3 Ways to Motivate Clients to Complete Surveys
Knowing exactly what your customers expect from you, how you can improve your products and services and fresh problem-solving prospectives are just a few of the benefits of client feedback. The problem is, providing feedback takes time and motivation, both of which can be difficult for your clients to come by. Here are some suggestions from Reetam Das’ article, “Making customer feedbacks actionable – The fun way!” for how to encourage feedback.
Personalize the Questions
Personalization makes a survey more interesting. If you’re just asking a series of general yes or no questions about your company, your clients will be less inclined to take the time to fill out the survey, or if they do, they may not put much thought into it. If they open a survey from you that has questions pertaining to the specific product or service they receive from you and/or an inquiry about a particular customer service engagement that recently occurred, they’ll be reassured that you’ll be using this information to help them in the future. And that reassurance will lead to motivation.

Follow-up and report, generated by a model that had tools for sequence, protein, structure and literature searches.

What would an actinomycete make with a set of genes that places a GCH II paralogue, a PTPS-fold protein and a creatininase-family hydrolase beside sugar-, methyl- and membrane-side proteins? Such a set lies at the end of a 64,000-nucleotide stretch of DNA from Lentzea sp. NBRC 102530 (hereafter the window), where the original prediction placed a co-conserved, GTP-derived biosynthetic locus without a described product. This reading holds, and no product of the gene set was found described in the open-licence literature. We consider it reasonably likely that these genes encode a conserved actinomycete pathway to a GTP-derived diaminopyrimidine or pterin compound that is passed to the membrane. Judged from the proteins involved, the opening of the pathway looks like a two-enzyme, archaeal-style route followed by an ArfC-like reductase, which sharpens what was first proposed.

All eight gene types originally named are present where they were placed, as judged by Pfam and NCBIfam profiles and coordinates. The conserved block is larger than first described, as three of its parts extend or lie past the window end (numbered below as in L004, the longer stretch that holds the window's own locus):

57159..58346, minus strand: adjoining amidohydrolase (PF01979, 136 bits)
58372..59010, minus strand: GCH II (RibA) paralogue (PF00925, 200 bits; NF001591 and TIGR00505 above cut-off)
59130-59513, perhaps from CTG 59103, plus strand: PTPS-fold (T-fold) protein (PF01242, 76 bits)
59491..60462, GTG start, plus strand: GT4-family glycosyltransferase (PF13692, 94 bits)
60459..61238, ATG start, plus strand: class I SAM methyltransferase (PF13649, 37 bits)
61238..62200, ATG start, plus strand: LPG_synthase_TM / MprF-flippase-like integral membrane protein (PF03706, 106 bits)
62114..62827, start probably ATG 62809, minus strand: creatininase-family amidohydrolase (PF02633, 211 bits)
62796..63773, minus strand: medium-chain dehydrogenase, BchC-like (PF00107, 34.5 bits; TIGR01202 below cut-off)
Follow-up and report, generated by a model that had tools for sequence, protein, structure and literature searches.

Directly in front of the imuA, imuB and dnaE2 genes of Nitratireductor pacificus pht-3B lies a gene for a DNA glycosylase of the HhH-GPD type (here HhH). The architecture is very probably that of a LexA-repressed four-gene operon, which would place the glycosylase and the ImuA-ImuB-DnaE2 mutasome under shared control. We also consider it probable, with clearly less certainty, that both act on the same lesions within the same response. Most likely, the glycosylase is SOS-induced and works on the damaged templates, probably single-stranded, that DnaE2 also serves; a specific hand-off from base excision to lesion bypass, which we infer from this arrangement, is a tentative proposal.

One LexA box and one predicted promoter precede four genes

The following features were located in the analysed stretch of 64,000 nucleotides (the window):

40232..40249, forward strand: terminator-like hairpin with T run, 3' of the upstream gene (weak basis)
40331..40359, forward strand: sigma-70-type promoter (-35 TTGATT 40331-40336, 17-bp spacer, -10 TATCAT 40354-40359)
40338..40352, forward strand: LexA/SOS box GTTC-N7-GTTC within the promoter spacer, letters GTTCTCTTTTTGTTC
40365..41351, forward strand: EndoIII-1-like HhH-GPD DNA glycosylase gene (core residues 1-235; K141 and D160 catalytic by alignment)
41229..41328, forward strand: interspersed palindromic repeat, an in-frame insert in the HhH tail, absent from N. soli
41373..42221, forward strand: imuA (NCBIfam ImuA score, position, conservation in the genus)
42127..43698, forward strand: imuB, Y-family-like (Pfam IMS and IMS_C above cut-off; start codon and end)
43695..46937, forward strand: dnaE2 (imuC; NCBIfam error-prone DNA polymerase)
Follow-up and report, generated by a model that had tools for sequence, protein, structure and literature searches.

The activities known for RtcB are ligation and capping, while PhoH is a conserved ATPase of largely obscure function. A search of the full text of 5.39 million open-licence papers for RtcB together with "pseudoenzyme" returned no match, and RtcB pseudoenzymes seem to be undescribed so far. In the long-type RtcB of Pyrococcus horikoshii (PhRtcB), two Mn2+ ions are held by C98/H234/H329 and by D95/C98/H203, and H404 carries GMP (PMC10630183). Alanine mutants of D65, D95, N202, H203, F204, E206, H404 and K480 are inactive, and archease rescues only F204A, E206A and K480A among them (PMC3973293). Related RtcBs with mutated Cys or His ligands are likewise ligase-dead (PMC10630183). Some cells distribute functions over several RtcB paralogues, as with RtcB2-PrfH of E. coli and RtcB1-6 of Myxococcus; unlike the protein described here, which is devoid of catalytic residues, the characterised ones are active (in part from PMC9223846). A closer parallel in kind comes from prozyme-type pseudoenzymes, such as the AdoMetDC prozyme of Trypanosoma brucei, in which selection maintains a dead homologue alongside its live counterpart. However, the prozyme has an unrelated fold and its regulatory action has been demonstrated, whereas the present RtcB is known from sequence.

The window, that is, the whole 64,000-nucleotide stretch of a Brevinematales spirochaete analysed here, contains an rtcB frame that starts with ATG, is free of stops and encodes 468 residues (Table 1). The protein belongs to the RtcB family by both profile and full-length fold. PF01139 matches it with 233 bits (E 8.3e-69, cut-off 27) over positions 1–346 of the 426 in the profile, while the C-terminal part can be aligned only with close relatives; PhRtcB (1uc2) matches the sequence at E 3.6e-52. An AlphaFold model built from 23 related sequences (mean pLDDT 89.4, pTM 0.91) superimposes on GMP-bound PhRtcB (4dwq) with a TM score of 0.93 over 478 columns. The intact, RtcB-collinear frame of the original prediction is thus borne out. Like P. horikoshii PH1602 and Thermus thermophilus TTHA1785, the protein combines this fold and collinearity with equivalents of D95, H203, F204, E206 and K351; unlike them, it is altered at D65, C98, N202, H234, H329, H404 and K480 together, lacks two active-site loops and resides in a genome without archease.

Make it Visually Appealing
If your survey looks boring or cluttered, your clients will probably assume that the content is the same. So, make sure your layout is clean and clear. Also, try using different background colors, include your company’s logo or add graphics to the survey to make it more visually appealing.
Keep it to the Point
Before beginning an optional survey, many people will scroll through its entirety to gauge how long it will take and how much effort will be required from them. If, while your clients are doing this, they see pages and pages of questions ahead of them, they’ll close out of the survey quicker than they opened it. You can always run more surveys in the future. For now, limit the questions you ask to the ones you deem most necessary for your growth. Also, while short answer questions will often give you the best feedback, a survey full of those will likely scare clients away. Make the questions a healthy mix of multiple choice and short answers.